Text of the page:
Podcasts to popstars...
Your FRI: CRAIG CHARLES
The Craig Charles Funk and Soul Show on 6 Music. Craig Charles has such passion and enthusiasm for the music he plays. It always gets me dancing around the kitchen on a Saturday night.
Staycation, vacation or relocation...
Your FRI: OAXACA, MEXICO
I’ve been to Oaxaca in Mexico twice this year and will keep on going back for its culture, textiles and delicious food, from the chilli grasshoppers and street food such as tlayudas to tasting menus by former chefs in Michelin starred European restaurants.
HEALTH & BEAUTY
Treatments & tonics, tried & tested...
Your FRI: APPLE CIDER VINEGAR
Apple cider vinegar is my favourite secret ingredient for every aspect of skincare, from a toner to aftersun. In fact, my daughter Sienna Somers has written a blog post on the Virtues of Vinegar as we use it so frequently in our family.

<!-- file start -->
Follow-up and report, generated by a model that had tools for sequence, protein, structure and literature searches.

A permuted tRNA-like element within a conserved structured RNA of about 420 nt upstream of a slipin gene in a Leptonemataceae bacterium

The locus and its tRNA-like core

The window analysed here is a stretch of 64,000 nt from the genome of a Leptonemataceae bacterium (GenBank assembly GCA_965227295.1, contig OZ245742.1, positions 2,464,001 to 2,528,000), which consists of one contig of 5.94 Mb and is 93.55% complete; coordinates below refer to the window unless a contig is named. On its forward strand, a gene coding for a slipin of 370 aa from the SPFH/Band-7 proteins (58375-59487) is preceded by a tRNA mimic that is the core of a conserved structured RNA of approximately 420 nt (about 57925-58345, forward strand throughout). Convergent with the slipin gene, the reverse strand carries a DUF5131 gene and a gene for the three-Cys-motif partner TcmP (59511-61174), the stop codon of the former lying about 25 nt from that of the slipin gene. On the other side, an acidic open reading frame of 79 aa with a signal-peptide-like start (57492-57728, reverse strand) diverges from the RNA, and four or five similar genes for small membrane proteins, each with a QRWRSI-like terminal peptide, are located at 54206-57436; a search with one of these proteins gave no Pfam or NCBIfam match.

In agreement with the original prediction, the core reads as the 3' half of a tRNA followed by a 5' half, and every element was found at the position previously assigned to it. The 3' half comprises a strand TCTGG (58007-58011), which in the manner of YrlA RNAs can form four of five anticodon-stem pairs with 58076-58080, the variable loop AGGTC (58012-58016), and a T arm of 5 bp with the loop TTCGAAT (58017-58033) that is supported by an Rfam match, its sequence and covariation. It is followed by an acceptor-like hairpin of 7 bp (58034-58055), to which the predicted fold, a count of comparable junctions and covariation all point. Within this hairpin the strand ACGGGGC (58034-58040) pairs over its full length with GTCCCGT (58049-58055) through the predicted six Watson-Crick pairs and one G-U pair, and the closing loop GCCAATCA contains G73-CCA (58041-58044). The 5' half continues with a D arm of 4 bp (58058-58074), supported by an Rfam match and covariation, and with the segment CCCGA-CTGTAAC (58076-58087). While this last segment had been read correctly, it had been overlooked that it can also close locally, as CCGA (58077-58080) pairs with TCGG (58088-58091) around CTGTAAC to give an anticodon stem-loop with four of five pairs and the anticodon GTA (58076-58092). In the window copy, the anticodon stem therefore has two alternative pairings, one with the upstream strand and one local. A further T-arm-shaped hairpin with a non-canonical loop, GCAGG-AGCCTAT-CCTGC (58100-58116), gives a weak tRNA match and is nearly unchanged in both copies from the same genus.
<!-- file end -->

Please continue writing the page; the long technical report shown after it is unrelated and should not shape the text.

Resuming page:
Many hands make bright work...
Your FRI: FASHION REVOLUTION
Fashion Revolution is in the process of setting up the Fashion Revolution Foundation, a registered charity. This will further our work to build a movement of people wanting to know how fashion is made, by whom, where and under what conditions. We will also encourage brands and retailers to demonstrate more transparency, enable producers to become more visible and influence policy makers to create legislation that holds brands and retailers accountable for their actions and impacts throughout their supply chain.